Kin Lane

Using DuckDuckGo As My Search Engine

Continuing my evaluation of the technology I let into my life, I’ve switched from Google to DuckDuckGo as my primary search engine. After switching browsers, and ditching Google Chrome for Firefox, I wanted to also put over a decade of Google usage for web search behind me. I know my individual protest on the use of Google as a search engine will not make much of a dent in their bottom line, but it still matters to me. The less data exhaust I give to Google, the better. The less my life is used to train Google algorithms the better. I’ve been off Google Search for almost two weeks now, and I much prefer DuckDuckGo as my source of information.

Ok, so why DuckDuckGo? It says it right on the home page, “The search engine that doesn’t track you.” — that is all I ask. Provide me with a useful tool, carve out a sensible business model for you to generate revenue and keep the lights on, and we can do business. Honestly, it isn’t that much to ask. We should be able to do technology, provide server, desktop, and mobile applications that bring value, but do not surveil or exploit people. All I want is an application to be honest about what they are doing, and not keep secrets about how they make money, and what data they gather about me.

I spend a lot of time in the browser, and a lot of time searching the web. I just want access to a decent search engine to help find what I am looking for. I do not need every aspect of my life tracked and sold to the highest bidder, or even used to train predictive machine learning models. I don’t want to be worrying about what my search engine provider is up to. I don’t need companies having as much visibility as Google does into my life. Recently, I am all about minimizing the visibility Facebook, Google, and some other providers have into my life. I’m not advocating for boycotts of these platforms, as they still provide some value to me. I am just looking to minimize their reach in my life. Being more critical of which tools I use, why I use them, and spend more time scrutinizing and paying attention to the ethics of the company behind each tool I put to work.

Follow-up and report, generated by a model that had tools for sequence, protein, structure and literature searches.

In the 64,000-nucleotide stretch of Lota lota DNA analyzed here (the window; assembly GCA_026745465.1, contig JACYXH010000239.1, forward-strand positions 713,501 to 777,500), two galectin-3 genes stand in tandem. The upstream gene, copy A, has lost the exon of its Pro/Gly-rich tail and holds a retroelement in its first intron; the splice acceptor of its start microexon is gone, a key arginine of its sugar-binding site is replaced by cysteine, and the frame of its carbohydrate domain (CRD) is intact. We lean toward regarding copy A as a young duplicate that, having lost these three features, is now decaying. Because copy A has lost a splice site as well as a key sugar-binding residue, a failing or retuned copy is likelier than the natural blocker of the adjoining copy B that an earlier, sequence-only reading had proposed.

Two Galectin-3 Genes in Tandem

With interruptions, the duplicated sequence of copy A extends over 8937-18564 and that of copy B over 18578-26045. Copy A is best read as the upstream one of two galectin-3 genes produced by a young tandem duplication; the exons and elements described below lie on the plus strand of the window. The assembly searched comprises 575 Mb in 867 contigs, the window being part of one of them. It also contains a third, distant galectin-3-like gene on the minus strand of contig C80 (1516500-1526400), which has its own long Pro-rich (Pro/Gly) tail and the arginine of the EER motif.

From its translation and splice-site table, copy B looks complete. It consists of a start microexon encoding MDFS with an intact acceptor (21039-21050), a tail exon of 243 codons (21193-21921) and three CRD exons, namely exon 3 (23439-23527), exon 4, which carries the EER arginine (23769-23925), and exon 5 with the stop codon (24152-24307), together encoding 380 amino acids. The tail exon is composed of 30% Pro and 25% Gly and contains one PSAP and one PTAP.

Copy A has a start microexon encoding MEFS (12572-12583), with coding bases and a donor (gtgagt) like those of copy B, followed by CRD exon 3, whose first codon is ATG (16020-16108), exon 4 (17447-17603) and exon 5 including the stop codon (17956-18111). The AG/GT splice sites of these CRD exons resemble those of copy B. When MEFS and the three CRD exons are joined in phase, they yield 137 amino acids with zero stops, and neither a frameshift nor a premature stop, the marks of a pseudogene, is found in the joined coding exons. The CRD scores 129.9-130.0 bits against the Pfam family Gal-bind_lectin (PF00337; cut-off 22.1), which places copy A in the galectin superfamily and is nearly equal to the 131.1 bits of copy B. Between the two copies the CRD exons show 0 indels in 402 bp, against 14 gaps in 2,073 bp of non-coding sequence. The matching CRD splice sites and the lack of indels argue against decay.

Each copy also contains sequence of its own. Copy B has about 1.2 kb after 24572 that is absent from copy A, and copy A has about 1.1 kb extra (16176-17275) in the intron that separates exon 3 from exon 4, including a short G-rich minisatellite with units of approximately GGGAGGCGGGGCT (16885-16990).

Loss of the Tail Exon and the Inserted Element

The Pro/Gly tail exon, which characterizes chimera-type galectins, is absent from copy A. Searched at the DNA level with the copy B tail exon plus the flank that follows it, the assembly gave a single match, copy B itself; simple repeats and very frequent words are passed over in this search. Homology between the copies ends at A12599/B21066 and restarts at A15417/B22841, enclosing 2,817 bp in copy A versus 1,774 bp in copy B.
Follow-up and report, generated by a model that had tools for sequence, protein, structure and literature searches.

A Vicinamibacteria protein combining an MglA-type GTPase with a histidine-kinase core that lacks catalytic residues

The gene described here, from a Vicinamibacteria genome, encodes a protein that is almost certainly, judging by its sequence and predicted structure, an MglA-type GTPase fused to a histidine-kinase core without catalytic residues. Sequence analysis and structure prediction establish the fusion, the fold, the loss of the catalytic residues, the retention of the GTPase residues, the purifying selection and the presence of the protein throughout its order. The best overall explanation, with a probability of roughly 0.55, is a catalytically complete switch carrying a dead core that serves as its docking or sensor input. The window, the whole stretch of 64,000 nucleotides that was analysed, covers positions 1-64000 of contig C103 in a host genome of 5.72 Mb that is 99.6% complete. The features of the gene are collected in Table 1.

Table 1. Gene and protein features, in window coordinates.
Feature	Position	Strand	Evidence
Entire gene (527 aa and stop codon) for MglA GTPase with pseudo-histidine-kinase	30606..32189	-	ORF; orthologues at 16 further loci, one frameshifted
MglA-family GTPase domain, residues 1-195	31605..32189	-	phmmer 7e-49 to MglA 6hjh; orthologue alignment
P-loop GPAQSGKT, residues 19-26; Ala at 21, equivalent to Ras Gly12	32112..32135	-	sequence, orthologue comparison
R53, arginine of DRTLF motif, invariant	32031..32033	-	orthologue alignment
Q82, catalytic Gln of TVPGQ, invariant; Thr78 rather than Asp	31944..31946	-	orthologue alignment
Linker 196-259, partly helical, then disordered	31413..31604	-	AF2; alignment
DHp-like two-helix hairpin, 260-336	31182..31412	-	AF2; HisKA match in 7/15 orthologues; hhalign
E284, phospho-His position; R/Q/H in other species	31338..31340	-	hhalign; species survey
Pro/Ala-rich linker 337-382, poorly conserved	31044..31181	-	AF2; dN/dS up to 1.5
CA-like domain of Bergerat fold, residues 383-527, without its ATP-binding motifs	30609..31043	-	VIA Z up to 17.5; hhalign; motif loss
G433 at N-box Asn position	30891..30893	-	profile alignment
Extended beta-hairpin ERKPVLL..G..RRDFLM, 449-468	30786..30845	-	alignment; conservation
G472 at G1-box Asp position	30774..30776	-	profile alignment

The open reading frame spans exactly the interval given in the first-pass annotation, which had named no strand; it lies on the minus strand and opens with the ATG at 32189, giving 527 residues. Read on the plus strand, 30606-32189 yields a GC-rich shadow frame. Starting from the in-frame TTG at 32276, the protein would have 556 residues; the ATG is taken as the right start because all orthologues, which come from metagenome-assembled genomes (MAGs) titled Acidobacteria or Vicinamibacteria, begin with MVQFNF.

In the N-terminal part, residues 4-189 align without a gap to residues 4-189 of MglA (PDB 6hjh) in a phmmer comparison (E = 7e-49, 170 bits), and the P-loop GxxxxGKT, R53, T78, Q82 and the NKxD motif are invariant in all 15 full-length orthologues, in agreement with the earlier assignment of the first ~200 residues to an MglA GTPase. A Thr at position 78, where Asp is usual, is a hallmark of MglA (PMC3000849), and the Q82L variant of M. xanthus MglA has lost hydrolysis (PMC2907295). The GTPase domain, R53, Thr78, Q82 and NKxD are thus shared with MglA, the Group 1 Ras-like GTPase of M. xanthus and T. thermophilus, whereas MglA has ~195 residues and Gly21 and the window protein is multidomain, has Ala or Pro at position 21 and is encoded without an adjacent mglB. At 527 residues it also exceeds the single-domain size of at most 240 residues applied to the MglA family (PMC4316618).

I do not feel like I am missing out on any information. I feel like DuckDuckGo’s search results satisfy my personal and professional search needs. I still rely on Bing Search for my automated business search needs, as they are the only search engine with a real API for their search engine, which I can actually pay money to access. I am a little less concerned about companies like Microsoft having visibility into my professional world, than I am of companies like Google having visibility into my personal world. In the end, I’m pretty proud of myself for making this move. It feels like another significant shift in my digital landscape, one that really helps me better protect my digital self. Ensuring that I’m minimizing the surface area of my life that I willing to share with the technology companies I let into my life.